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The art of traditional French cuisine – a la económica

In Guadalajara, a city fairly well endowed with authentic French restaurants, what can the new Frenchman on the block offer patrons — both the legions who flock to myriad establishments at midday to gobble down traditional comida corrida (a complete, fast dinner) for around 50 pesos and the few who patronize the city’s handful of French, haute cuisine establishments?

The answer, in a word: a bistro.

I found I didn’t really know the meaning of this familiar word. But Parisian chef Bernard Resve explained it to me, along with other restaurant lore, as we sat in his bright, cozy bistro, Clafuti, with Lopez Mateos traffic whizzing by just the other side of a row of cars parked in front, silenced by a pleasant, glass vestibule that Resve constructed at the entrance (located directly across from the much better established eatery Libanes).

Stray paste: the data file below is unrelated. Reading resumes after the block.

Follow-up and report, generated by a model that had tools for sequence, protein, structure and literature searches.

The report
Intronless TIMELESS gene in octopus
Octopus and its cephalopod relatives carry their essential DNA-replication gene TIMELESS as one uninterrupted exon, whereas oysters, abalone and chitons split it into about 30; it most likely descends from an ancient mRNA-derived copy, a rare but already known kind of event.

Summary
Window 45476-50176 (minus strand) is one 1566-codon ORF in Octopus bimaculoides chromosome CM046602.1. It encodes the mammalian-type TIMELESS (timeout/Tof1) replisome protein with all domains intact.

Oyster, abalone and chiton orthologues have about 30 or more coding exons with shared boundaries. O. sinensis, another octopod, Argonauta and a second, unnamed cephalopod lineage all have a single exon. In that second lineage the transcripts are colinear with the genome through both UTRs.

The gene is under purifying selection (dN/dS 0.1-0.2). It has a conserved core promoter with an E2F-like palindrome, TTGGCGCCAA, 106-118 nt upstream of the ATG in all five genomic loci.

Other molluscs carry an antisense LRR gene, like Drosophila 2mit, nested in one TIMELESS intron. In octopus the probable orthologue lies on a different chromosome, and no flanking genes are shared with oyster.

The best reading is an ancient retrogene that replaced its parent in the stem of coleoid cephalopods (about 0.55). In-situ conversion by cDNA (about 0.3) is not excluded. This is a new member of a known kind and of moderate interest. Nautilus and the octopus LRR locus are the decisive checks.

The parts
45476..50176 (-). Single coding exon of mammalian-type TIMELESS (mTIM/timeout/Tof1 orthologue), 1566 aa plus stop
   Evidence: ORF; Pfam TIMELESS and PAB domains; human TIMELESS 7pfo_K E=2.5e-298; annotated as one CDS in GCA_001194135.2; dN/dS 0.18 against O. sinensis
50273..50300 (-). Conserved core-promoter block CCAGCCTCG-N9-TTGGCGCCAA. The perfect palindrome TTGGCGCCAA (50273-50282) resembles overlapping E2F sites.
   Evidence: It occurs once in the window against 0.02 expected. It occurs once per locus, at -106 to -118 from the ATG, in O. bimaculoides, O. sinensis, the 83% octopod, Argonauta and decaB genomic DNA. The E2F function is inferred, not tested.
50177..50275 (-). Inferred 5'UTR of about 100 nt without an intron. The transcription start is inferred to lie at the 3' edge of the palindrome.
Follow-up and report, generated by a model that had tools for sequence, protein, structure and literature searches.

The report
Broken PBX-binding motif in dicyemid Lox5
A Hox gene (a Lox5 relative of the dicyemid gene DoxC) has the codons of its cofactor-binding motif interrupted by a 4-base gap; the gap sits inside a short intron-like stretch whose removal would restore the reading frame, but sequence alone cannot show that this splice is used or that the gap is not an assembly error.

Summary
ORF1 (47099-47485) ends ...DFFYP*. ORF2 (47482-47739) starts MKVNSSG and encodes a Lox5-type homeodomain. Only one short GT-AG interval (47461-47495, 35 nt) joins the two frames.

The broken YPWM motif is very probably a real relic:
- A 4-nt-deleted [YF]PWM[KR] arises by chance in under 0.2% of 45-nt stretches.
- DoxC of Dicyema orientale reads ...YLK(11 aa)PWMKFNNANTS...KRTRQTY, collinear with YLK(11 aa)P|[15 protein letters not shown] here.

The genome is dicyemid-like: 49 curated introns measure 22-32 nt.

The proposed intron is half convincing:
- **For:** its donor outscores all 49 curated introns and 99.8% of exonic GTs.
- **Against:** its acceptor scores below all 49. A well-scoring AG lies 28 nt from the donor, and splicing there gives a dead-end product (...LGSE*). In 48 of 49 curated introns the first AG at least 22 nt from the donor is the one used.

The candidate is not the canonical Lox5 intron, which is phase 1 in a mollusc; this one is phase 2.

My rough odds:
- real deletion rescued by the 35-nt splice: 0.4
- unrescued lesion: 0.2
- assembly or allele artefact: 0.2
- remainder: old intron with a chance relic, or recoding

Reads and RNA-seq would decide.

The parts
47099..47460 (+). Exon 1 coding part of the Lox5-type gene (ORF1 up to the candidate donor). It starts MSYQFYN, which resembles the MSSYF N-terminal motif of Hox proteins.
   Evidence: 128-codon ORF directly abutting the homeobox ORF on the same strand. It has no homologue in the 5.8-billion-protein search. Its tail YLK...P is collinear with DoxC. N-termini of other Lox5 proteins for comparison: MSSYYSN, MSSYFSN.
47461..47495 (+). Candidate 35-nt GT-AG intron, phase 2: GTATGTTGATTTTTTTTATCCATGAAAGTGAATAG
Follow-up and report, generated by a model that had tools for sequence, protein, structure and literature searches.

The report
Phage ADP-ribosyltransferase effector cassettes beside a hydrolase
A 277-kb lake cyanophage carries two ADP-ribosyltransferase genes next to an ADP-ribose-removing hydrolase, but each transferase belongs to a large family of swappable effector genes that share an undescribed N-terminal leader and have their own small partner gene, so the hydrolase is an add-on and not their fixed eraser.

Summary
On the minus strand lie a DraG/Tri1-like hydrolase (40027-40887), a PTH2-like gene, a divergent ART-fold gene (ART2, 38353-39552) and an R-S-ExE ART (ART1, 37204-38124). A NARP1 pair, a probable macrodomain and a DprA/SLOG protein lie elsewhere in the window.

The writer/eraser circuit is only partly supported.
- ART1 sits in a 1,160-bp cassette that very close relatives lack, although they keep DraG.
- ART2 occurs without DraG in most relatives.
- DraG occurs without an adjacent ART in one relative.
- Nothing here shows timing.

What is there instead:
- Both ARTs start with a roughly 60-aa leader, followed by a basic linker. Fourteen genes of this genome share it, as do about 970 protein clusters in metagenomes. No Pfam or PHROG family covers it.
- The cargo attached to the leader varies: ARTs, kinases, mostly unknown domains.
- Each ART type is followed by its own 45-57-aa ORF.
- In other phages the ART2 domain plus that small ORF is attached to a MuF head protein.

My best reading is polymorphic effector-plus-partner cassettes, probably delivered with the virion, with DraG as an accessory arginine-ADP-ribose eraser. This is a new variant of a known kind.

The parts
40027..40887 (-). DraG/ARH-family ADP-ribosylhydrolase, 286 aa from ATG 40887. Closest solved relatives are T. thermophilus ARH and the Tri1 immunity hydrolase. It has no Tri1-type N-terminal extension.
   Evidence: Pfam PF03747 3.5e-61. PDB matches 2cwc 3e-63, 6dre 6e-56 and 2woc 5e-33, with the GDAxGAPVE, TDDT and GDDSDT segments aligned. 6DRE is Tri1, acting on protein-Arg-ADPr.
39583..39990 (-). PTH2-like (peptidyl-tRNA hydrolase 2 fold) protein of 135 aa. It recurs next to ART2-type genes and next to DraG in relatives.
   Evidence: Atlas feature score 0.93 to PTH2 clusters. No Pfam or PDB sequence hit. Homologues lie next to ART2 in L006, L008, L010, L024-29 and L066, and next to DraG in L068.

Clafuti (the restaurant’s name is the Hispanicized version of clafoutis, a dense, flan-like tart) is probably the only French eatery in Guadalajara using the bistro concept, Resve explained.

“It’s an authentic Parisian atmosphere, but informal, without tablecloths, and using traditional recipes that are 30, or 50, or 100 years old.” (One such recipe is quiche, which, surprisingly, was invented in Germany as Küche, he said. And — another nugget of lore — the word bistro is Russian in origin and means “rapid.”)

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